Sunday, January 26, 2014

P001 - CATIA campidoglio

Whelp. This is second time around because my computer crashed. YAY.
I picked one of my favorite spots in Rome - the campidoglio. I started with a bounding box and an oval in the center from cross points. The boxes in the corners changed size based on the desired stairwell width. The inside is composed of diagonal construction lines spaced from the horizontal center line, as well as concentric circles based off of each other's radius.

My variations:
Bounding box (perpendicular vs. parallelogram)


Size of main circle

Size of inside circles (changing size of cross hatching)

Size of diagonal construction line spacing

Offsetting center point
Getting carried away
I learned that it was super easy for everything to get carried away, especially when points "looked" like they were snapping and weren't. It pays to be careful and set everything up, so when you change one thing, it moves seamlessly.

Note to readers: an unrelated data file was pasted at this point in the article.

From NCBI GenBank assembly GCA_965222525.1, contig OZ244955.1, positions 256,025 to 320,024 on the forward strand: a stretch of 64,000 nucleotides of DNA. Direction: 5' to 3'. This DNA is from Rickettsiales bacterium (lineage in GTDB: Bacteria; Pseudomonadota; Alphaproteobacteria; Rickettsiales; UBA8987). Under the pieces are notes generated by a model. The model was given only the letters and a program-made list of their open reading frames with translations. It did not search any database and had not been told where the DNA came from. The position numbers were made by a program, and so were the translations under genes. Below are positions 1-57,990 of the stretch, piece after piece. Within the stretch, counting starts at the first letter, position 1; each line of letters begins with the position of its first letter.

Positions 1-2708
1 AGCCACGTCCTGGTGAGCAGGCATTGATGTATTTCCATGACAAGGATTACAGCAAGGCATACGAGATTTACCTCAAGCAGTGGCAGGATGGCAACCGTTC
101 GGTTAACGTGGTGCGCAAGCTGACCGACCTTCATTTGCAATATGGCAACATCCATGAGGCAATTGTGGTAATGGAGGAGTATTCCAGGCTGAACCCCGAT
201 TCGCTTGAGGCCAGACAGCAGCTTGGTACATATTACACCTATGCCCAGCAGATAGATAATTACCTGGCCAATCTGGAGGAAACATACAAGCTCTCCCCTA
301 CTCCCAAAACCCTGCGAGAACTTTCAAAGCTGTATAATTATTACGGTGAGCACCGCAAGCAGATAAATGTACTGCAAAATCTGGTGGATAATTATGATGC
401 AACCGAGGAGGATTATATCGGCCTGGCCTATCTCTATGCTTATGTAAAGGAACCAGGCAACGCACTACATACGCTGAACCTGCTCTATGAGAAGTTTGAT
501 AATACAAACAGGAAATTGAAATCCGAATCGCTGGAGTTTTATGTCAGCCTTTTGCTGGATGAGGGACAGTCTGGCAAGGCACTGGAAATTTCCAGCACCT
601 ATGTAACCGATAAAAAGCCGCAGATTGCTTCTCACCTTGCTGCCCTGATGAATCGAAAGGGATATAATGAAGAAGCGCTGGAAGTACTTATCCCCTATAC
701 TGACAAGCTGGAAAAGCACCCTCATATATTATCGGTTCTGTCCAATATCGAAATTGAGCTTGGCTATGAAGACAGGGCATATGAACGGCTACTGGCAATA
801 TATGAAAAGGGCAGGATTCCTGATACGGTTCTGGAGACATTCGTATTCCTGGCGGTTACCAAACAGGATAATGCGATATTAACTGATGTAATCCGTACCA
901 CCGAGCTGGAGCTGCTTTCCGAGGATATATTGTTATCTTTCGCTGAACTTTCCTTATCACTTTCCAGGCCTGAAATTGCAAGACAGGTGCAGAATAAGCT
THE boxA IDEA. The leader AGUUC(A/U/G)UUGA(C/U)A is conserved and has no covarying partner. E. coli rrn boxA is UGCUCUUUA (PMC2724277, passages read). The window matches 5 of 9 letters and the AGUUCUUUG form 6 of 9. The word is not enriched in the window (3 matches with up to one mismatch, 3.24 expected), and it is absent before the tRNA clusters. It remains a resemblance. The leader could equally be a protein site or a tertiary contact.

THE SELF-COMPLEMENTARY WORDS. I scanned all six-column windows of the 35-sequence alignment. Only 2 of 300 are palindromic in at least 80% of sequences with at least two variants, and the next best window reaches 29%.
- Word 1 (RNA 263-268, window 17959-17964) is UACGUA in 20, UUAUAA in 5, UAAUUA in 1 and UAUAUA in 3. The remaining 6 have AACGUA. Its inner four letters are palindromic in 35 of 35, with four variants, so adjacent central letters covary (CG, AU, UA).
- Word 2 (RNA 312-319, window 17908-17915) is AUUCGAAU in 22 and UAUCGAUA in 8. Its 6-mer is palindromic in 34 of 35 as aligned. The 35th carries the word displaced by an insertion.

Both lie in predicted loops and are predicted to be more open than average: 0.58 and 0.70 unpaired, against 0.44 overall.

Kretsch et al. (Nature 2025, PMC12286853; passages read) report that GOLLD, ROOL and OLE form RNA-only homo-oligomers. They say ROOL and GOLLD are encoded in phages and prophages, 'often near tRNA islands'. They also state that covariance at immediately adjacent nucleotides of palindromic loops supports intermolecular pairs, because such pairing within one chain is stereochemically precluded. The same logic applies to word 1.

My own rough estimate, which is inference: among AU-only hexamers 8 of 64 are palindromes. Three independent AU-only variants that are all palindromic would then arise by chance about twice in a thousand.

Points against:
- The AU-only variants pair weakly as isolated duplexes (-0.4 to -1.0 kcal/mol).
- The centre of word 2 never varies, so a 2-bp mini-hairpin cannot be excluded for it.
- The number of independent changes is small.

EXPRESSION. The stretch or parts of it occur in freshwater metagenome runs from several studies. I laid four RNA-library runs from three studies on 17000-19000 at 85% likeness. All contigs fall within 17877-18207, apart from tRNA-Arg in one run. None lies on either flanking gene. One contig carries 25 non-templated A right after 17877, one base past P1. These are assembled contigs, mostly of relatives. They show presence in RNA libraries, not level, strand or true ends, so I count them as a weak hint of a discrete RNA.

Wednesday, January 22, 2014

Reading Response - Loukissas [Keepers of the Geometry}

This reading speaks to the hesitance many face in terms of new technology. The examples of Morris and Thorndike's collaboration and different methods of thinking (through drawing vs. computing) struck home in terms of my experience working at a firm. The principals would often work in trace, trusting my computer expertise to choose the appropriate computing program for modeling and representation.

Having come from UVA, a school that focuses on hand-modeling and drafting, I find it almost impossible to model solely in a computer. However, I see many of my classmates unable to think in anything but rhino. This disconnect will most likely ease as the generation of technology becomes senior partners at firms - it seems that once you "think in the computer" that it is a much smaller step to learn new computing programs. Then again, many people do get set in their ways, no matter what, and there will always be those who refuse to do differently than how they've been taught.